Queens residents unite against NYC’s Open Streets initiative

A group of Jackson Heights residents claim to be victims of the city’s war on cars.

Open Streets closes 26 blocks of 34th Avenue to vehicles every day and has been doing so for more than 18 months.

The city initiative with the Orwellian name “may look good on paper, but it’s dangerous, it’s dangerous for everyone,” said lifelong Jackson Heights resident Kenneth Weiss, who spoke with an oxygen tank next to it, plastic tubes in his nose and hands. resting on a stick.

City officials counter that 34th Avenue has never been safer or livelier than it is today.

“This program has turned an ordinary block in Queens into one of the liveliest, happiest places in the entire city,” Department of Transportation spokesman Seth Stein told The Post. “The program is overwhelmingly popular, which is why the city council made it permanent earlier this year.”

But Weiss, 62, and other members of a group called 34 Open Streets Resisters United, say the program endangers lives, restricts access for first-aiders and destroys the habitability of their quiet street with tree-lined mean and dignified brick apartment buildings.

Residents Talea Wufka, Carmen Kolodich, Kenny Weiss, Piper Josephine, Kathy Farren and John Tineo on 34th Avenue in Jackson Heights, Queens.
Residents Talea Wufka, Carmen Kolodich, Kenny Weiss, Piper Josephine, Kathy Farren and John Tineo on 34th Avenue in Jackson Heights, Queens.
Lisa R. Kyle

“These things put my life in danger,” Weiss said, pointing to a mantle of makeshift barriers located at the end of each 34th Avenue block from 69th Street to Junction Boulevard, a distance of nearly 1.5 miles. The barriers allow traffic across streets, but prevent cars from accessing the wide east-west highway.

Weiss said he almost ran out of oxygen twice when he returned from hospital visits when his ambulance driver was forced in and out of the vehicle to move rows of metal barricades used to block traffic.

“We all know when there is a fire, every second counts,” said neighborhood activist Talea Wufka, 50. “How many seconds will it take firefighters to get out and move these barriers if they run into a fire?”

“We are closely coordinating with emergency services to ensure access, and other vehicles still have access at intersections for pickup and drop off,” Stein said of the DOT, adding that safety has been dramatically improved with accidents down 34th Avenue.

26 blocks of 34th Avenue in Jackson Heights, Queens, are closed to car traffic from 7:30 a.m. to 8 p.m. as part of the city's open street campaign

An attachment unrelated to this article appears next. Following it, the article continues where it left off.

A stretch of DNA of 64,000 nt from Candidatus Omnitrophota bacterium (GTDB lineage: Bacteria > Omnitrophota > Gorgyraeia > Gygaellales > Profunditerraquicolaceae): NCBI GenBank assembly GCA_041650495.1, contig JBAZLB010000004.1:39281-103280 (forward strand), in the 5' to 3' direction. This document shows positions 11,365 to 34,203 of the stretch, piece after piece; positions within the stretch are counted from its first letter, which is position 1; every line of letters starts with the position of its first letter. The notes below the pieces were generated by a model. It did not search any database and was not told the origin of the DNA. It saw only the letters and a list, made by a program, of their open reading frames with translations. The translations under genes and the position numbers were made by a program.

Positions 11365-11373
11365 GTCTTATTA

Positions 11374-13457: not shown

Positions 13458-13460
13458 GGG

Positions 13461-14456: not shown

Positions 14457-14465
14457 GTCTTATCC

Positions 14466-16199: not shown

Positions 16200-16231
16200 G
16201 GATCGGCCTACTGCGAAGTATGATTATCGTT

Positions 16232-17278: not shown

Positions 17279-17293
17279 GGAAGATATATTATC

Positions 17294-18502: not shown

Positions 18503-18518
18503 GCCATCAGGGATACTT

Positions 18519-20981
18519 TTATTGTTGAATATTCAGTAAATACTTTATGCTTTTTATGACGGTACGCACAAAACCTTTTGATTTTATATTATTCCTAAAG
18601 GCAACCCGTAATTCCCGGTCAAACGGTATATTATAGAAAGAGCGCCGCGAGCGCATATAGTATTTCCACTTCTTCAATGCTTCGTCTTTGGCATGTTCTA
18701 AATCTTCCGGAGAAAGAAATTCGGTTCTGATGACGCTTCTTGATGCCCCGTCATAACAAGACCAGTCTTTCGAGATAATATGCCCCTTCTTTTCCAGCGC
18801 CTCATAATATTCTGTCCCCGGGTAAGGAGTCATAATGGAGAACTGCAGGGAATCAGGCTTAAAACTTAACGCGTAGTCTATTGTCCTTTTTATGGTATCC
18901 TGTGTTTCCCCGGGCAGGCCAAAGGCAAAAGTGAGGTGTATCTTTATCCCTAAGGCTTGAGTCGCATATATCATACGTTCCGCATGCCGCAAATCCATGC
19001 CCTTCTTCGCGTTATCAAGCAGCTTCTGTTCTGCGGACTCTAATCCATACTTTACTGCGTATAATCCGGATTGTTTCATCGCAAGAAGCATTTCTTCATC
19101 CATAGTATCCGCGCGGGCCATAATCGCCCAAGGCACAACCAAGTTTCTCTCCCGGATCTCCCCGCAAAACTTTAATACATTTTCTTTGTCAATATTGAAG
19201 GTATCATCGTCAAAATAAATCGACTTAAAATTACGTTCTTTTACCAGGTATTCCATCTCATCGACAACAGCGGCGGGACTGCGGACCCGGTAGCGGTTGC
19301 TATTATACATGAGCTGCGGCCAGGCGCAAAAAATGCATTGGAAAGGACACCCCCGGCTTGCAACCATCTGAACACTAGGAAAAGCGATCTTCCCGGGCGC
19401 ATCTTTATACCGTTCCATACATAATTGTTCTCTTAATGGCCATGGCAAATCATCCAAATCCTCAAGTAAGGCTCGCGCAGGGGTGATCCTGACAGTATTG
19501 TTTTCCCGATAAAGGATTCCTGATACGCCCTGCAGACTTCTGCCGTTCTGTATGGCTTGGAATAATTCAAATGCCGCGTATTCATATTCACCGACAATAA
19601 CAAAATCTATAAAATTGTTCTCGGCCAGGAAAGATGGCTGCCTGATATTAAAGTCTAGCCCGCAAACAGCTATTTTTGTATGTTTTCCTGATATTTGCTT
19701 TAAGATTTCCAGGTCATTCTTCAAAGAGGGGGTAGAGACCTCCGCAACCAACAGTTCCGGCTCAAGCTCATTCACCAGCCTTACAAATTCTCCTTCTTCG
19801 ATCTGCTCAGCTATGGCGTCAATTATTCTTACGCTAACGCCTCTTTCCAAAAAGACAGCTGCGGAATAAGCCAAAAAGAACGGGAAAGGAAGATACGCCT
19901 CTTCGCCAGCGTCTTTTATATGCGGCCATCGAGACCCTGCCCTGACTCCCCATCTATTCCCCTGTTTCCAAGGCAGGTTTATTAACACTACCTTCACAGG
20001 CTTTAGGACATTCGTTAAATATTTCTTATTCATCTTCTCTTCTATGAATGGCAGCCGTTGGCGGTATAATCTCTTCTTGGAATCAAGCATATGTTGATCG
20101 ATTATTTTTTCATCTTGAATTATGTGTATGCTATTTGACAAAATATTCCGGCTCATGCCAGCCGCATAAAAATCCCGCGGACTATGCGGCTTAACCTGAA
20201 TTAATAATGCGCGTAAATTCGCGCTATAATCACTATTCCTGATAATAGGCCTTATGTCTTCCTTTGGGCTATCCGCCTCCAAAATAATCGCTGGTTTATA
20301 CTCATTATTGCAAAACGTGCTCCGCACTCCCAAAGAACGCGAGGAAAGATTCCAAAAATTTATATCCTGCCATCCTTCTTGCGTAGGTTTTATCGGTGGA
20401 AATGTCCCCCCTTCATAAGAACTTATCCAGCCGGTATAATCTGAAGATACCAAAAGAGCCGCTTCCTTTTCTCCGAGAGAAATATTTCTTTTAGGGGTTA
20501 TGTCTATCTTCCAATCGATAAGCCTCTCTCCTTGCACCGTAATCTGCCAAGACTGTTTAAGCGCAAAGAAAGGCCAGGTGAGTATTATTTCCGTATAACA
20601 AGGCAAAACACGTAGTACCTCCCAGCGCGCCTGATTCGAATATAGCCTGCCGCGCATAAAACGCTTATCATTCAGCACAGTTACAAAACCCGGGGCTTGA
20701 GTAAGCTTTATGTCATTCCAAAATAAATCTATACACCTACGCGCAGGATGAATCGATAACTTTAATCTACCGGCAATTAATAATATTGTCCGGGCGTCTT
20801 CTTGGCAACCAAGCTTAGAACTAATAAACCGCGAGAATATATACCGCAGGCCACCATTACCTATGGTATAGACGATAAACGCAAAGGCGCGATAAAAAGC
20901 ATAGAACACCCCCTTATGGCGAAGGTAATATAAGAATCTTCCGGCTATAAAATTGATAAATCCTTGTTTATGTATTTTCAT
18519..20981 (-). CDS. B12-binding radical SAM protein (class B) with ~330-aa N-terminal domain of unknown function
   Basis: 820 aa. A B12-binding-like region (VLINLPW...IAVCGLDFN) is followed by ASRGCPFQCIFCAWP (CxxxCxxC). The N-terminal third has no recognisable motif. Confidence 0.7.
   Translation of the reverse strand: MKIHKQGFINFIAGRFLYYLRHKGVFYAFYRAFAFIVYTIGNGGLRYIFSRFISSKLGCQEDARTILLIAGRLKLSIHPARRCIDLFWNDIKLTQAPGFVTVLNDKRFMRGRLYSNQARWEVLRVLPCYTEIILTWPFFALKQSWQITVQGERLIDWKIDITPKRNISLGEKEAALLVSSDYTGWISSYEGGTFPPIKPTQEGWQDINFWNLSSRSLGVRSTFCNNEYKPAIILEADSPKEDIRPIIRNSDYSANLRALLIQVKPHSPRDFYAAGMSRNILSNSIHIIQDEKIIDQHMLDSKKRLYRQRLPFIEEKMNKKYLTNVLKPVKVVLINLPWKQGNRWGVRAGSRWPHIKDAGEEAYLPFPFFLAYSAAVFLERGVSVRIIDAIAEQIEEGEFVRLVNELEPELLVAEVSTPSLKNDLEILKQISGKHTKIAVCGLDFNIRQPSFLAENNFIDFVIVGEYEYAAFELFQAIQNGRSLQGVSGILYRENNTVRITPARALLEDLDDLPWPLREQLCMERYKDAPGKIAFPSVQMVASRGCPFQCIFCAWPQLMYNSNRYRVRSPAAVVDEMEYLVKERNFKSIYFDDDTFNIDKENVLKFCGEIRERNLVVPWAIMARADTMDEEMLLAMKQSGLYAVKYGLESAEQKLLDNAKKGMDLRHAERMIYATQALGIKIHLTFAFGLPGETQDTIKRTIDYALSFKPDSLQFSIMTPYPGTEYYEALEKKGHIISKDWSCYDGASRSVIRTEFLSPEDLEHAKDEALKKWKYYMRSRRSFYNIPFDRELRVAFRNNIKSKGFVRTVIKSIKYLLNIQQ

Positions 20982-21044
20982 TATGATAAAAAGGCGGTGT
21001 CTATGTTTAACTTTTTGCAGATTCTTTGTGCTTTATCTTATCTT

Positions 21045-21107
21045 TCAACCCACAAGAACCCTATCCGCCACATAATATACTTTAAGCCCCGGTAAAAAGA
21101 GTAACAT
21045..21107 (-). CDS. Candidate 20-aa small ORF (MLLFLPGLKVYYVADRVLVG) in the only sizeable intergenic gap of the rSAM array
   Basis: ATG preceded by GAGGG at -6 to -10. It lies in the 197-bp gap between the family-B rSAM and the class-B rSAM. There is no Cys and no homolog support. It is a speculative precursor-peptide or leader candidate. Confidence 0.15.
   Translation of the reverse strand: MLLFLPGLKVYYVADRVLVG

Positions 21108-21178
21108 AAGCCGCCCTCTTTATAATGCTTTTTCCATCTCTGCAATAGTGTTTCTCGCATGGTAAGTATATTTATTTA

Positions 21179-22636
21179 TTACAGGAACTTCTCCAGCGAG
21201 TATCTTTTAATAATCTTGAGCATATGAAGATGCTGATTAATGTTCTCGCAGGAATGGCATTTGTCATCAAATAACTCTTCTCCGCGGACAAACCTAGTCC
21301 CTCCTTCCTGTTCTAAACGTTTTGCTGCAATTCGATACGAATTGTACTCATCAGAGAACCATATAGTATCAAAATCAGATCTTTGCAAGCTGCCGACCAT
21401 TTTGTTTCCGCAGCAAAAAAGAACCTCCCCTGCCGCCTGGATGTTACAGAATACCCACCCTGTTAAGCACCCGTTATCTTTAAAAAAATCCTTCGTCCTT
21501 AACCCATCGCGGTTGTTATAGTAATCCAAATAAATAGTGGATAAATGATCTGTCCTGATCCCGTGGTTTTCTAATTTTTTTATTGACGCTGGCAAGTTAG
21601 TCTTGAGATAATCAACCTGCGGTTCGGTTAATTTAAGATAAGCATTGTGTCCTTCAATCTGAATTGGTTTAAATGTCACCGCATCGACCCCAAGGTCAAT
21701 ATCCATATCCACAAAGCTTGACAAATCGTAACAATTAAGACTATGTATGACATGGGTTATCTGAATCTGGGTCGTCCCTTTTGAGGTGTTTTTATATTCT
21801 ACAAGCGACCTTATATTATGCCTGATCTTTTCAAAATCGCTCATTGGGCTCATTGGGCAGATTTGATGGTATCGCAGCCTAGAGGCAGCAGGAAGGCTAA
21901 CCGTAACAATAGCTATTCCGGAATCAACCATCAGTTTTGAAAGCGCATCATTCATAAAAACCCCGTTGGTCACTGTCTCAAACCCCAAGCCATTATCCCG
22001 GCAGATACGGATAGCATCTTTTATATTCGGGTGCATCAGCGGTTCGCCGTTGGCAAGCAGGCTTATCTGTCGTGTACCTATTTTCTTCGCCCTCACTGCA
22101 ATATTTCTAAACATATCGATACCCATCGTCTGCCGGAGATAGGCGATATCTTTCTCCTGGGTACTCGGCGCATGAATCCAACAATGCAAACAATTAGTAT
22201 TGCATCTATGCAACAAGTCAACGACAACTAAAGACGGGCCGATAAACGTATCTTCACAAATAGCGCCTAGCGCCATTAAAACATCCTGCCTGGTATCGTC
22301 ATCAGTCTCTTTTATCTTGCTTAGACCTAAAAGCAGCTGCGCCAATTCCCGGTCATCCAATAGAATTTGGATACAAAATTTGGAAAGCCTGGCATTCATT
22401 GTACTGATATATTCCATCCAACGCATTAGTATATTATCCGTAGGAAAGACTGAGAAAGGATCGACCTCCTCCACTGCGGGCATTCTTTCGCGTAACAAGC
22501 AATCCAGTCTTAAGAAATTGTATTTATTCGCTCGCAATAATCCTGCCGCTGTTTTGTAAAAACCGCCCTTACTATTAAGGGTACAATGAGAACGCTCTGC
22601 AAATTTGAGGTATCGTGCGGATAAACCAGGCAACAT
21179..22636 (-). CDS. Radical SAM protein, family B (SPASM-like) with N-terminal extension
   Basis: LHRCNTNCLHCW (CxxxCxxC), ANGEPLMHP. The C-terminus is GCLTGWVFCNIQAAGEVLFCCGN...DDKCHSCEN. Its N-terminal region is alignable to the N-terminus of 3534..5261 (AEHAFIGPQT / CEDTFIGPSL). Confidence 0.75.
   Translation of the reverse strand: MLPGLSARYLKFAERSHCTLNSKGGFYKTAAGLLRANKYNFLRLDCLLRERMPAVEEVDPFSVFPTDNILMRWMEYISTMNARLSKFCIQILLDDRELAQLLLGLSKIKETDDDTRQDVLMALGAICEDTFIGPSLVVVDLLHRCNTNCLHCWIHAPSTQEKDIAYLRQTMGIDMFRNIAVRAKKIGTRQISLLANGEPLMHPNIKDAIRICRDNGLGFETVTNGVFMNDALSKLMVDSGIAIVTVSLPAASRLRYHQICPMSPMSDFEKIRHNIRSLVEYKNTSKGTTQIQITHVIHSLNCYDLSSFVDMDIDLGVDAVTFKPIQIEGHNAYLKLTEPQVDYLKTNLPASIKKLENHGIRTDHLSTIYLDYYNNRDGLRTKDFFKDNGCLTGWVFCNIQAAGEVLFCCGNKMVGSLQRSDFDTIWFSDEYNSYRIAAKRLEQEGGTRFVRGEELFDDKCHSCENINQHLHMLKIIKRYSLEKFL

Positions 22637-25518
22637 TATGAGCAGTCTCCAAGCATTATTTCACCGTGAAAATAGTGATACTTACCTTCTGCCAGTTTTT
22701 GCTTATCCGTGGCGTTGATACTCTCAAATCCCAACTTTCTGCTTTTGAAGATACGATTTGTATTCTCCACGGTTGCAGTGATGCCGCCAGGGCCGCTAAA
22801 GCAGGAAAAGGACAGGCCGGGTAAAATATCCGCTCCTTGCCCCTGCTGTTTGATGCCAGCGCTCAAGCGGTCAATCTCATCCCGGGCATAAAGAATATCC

There are 26 blocks of 34th Avenue closed every day for cars.
Lisa R. Kyle | For NJ Advance Me

The city launched Open Streets in early 2020, eliminating car traffic for several hours every day on hundreds of roads in all five neighborhoods.

But “all they’ve done is make traffic worse” on 34th Avenue, said Open Street opponent Gloria Contreras, 52, as cars that once used the main road are forced to snake their way down side streets. More traffic also means more noise from honking horns, she said.

The Jackson Heights group says the program was never intended to close residential streets like 34th Avenue, which has almost no commercial activity, and that they would welcome Open Streets on nearby 37th Avenue, lined with small locally owned shops and restaurants .

But instead of finding officials willing to listen to their concerns, Open Street opponents say they have been met with hostility.

The city recently expanded 34th Avenue Open Street closures from 12 hours to 13 hours each day, which opponents say was in response to their complaints.

Donna Aguilar, 6, left, and Angie Ramon, 6, right, slime on 34th Avenue in Jackson Heights, Queens on October 13, 2021.
Donna Aguilar, 6, left, and Angie Ramon, 6, right, slime on 34th Avenue in Jackson Heights, Queens, on October 13, 2021.
Lisa R. Kyle

Jackson Heights City Councilman Daniel Dromm, an ardent supporter of Open Streets, recently taunted local opponents by sharing an editorial cartoon on their Facebook page.

“No! It’s the most horrible thing I’ve ever seen,” says a cartoonist under a sign on 34th Avenue as children happily play in the street.

“We have been belittled and rejected just to raise our concerns,” said activist Piper Josephine, 53.

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